Science

How blue LEDs ushered in a white light revolution

M Somasekhar Hyderabad | Updated on January 08, 2018

Japanese physicist and Nobel laureate, Hiroshi Amano, who was in India for a lecture at the University of Hyderabad

The 57-year-old Japanese Physicist Hiroshi Amano delivering the annual Hyderabad lecture series on “Blue LEDs and trans formative electronics for Developing sustainable smart society’ on Wednesday.

Long-lasting and efficient alternatives to traditional light sources such as the incandescent light bulbs

Nobel laureate Hiroshi Amano says Gallium Nitride is the material to watch out for as devices based on it will play a big role in Internet of Things (IoT), 5G communications and Internet of Energy (IoE), including wireless powering of devices over several metres.

Gallium Nitride-based ultraviolet technology has already helped in water purification, said Amano. For his pathbreaking work on fabricating Gallium Nitride LED, which led to the creation and explosion of the application of LED sources, Amano, and colleagues, Isamu Akasaki and Shuji Nakamura, shared the Nobel Prize for Physics in 2014.

The 57-year-old Japanese physicist enthralled a gathering of students, staff and audience at the University of Hyderabad (UoH), during a lecture on ‘Blue LEDs and Transformative Electronics for Developing Sustainable Smart Society’. It was held as part of the Hyderabad Lecture Series, sponsored by the Insurance Regulatory and Development Authority of India (IRDAI).

The Japanese trio’s work broke new ground in creating blue Light Emitting Diodes (LEDs). The invention paved the way for the development of bright and energy-saving white light sources. It showed methods of creating long-lasting and efficient alternatives to traditional light sources, such as the incandescent light bulbs that dominated the 20th century.

Challenges ahead

The future challenge, says Amano, is to develop technologies that are more cost-effective. The white LED, which using the Gallium Nitride technology, has revolutionised display and energy efficiencies. In future it can meet the needs of smart and sustainable technologies. In an interactive session, Amano lucidly explained the latest technology in fabrication of small and efficient LEDs for display applications.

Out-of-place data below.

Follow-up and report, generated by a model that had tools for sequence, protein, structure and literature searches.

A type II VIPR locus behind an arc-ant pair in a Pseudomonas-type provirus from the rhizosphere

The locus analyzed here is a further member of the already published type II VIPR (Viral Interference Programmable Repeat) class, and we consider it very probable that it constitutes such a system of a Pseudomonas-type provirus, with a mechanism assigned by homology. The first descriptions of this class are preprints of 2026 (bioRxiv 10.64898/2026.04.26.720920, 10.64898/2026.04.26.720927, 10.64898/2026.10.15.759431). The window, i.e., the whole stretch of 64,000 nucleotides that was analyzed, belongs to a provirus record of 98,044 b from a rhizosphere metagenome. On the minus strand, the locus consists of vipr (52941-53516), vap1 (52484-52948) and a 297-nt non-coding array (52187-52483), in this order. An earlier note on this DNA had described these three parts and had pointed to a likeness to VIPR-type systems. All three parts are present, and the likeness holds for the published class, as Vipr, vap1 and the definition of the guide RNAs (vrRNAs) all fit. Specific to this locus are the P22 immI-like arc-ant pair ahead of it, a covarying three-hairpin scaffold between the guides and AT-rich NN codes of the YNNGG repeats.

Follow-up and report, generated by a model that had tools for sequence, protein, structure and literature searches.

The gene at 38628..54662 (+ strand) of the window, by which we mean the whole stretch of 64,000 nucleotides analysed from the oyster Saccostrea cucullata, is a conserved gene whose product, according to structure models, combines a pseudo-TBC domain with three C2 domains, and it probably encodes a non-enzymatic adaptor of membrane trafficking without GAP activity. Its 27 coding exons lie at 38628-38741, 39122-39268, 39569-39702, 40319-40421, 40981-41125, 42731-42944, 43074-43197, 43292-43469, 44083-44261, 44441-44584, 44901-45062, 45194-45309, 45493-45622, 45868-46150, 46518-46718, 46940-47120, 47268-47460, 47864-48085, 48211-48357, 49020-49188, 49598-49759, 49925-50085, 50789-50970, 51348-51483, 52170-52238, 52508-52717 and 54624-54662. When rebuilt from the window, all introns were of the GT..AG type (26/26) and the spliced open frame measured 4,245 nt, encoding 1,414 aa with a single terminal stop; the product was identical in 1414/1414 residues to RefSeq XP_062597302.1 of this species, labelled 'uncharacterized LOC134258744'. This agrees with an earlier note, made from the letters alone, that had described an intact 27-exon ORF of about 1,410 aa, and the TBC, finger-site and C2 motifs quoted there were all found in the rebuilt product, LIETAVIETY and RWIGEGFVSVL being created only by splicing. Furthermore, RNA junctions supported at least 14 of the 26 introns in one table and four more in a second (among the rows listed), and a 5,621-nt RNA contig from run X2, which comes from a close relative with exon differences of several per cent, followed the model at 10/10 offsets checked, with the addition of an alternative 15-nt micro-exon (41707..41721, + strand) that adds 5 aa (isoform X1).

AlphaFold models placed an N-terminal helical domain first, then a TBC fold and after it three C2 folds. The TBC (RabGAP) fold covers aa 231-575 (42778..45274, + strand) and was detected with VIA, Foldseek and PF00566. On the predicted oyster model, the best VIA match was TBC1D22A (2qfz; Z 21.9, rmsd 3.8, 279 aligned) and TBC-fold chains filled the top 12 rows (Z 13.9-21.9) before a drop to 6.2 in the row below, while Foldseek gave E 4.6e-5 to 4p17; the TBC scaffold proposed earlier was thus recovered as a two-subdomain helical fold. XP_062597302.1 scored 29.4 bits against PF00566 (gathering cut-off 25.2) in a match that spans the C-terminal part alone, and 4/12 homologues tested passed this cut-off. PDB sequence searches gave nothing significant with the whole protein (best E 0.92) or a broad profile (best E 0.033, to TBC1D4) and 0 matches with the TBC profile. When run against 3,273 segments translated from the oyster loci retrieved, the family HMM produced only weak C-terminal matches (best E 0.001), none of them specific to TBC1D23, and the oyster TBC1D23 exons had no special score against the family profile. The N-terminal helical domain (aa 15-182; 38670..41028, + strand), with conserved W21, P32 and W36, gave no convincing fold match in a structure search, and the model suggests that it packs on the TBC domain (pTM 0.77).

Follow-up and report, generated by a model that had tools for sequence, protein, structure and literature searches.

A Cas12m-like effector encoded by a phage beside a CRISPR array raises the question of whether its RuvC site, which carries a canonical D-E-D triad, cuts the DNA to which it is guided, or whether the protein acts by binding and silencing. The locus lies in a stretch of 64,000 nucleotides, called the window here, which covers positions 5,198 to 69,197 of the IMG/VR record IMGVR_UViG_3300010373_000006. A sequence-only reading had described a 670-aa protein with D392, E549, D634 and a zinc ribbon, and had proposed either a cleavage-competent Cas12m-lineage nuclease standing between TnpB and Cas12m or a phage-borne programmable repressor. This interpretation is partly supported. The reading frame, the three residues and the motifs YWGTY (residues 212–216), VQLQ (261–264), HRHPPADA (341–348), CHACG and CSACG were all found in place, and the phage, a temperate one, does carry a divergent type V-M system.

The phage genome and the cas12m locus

The LED lamp holds promise for increasing the quality of life for over 1.5 billion people around the world, who lack access to electricity grids. This is possible due to its low power requirements, which can easily be powered by cheap, local solar power, according to Amano. The invention of the efficient blue LED is just 20 years old, but it has already contributed to the creation of white light in an entirely new manner.

White LED lamps are constantly improving and getting more efficient. Materials consumption has also diminished as LEDs last up to 100,000 hours, compared to 1,000 hours for incandescent bulbs and 10,000 hours for fluorescent lights.

Starting as an undergraduate student in 1982 with I Akasaki, Amano went on to pursueresearch in characterisation and device applications of group III nitride semiconductors, well known materials used in blue LEDs. His lab was came to be known as ‘No night Castle’, for it was always lit late into the night even during weekends and holidays.

In 1985 he developed low-temperature deposited buffer layers for the growth of group III nitride semiconductor films on a sapphire substrate, which led to the realisation of group-III-nitride semiconductor-based LEDs and laser diodes.

In 1989 he succeeded in growing p-type GaN and fabricating a p-n-junction-type GaN-based UV/blue light-emitting diode for the first time in the world.

The lecture was presided over by Appa Rao Podile, Vice-Chancellor of the UoH. IRDAI had given a corpus fund to the university in 2013 to organise the annual lecture series.

Published on January 04, 2018

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